The Knoxville News Sentinel reported Friday that the Tennessee Historical Commission rejected an application made on behalf of the Memphis City Council to relocate a statute of Confederate General Nathan Bedford Forrest to a new site more appropriate to the interpretation of Civil War history, with expressed interest from Shiloh Historical Park cited. The statue currently sits in the Health Sciences Park in the city’s growing medical district. The Memphis City Council has argued that the historic statue – gifted to the city in 1905 – is incongruent with the area’s modern overlay of professional offices and the function of the park as a recreational spot for medical students and downtown residents.
The application is part of a review process set forth by the 2013 Tennessee Heritage Protection Act (revised 2016), which is why it sticks to uncontroversial facts to argue for the relocation of a controversial statue. The THPA prohibits the removal, renaming, relocation, and alteration of memorials, statues, and buildings dedicated to military heritage, including what lawmakers call “the War Between the States.” While the law cites a broad cross-section of historical resources, it’s important to acknowledge that lawmakers created the THPA to “protect,” above all, the public display of markers related to Confederate heritage and, indeed, this very statue. The THPA establishes an exemption process governed by the Tennessee Historical Commission, and the application by the Memphis City Council was its first test. While the Memphis City Council was unsuccessful, it is the Tennessee Historical Commission that failed.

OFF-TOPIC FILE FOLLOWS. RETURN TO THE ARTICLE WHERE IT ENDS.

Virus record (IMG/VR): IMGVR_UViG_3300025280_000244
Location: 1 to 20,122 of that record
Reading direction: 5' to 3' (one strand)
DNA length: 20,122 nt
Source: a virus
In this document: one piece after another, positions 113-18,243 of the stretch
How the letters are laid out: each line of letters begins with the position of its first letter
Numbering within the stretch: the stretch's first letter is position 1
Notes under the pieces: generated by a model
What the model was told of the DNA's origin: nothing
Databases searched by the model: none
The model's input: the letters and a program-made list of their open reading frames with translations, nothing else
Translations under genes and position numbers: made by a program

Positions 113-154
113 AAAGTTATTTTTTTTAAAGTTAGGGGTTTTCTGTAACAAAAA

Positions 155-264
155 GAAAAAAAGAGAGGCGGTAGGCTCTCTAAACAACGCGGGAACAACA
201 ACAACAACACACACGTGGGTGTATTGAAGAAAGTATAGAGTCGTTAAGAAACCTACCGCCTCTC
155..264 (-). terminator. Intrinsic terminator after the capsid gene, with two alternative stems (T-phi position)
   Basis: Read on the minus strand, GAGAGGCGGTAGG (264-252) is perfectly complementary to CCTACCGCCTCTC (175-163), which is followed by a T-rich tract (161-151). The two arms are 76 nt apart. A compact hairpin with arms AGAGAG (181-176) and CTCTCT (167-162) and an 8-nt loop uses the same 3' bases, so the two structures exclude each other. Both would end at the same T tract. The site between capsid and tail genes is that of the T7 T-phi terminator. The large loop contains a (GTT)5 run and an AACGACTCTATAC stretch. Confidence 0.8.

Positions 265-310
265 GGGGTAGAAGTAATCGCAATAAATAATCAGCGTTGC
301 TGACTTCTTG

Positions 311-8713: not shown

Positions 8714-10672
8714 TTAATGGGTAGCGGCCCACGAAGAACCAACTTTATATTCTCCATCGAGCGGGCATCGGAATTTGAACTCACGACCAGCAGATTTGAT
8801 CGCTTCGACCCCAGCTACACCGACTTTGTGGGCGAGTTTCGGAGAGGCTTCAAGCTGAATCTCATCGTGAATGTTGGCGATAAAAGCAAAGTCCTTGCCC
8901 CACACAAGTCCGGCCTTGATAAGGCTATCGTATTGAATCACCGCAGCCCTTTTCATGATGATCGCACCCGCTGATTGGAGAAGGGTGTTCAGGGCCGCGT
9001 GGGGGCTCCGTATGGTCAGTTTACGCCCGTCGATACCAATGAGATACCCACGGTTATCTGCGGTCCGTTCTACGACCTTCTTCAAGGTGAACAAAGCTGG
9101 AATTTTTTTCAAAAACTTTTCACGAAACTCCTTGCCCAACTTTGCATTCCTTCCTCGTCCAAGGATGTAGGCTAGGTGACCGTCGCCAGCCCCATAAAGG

Their failure must be taken in the context of much larger debates within the state – and indeed the nation – about who owns the past. Lawmakers strengthened the THPA in the wake of the Charleston shooting, as communities across Tennessee and the wider South began to reexamine the values attached to and projected by Confederate memorials. It was for our own good, state lawmakers argued, that these monuments and memorials be protected against the emotional impulses of our time, lest we lose our precious history forever and along with it the ability to learn from the past. Let me take a moment to reiterate just how flawed this argument is.
Memorials are, by their design, unyielding. They do not teach in the sense that we most commonly understand the verb, as an intervention that utilizes thinking skills to increase knowledge. They are ideas and values fixed in immovable form and they fill tangible space – and especially public space – with particular meanings. The history they reflect is not endangered. On the contrary, memorials most often signal dominant understandings about figures and events that are well-known or much beloved. For all their specificity, the knowledge and understanding about the past that they transmit is often generic. “Here is what is important to us; look upon it and reflect on your own place in the world.”
To put this another way, I doubt you have or will ever see a group of children gathered around the statue of Nathan Bedford Forrest to receive its wisdom about the Civil War. In fact, the most important lesson embedded in the statue is that a group of politicians and commissioners traditionally in favor of limited government created and upheld a law designed to suppress conflicting versions of historical consciousness. That many individuals who hold such conflicting views are African American is not coincidental to the timing of the law, its intent, or its enforcement.
But, perhaps the statue of Nathan Bedford Forrest does teach. To teach also means to make suffer, to an extent so great that one becomes adverse to action. “That will teach you to act out of line.” And in this, I do concede that we have been taught a lot by the Tennessee Historical Commission’s decision, but we are all worse for the lesson.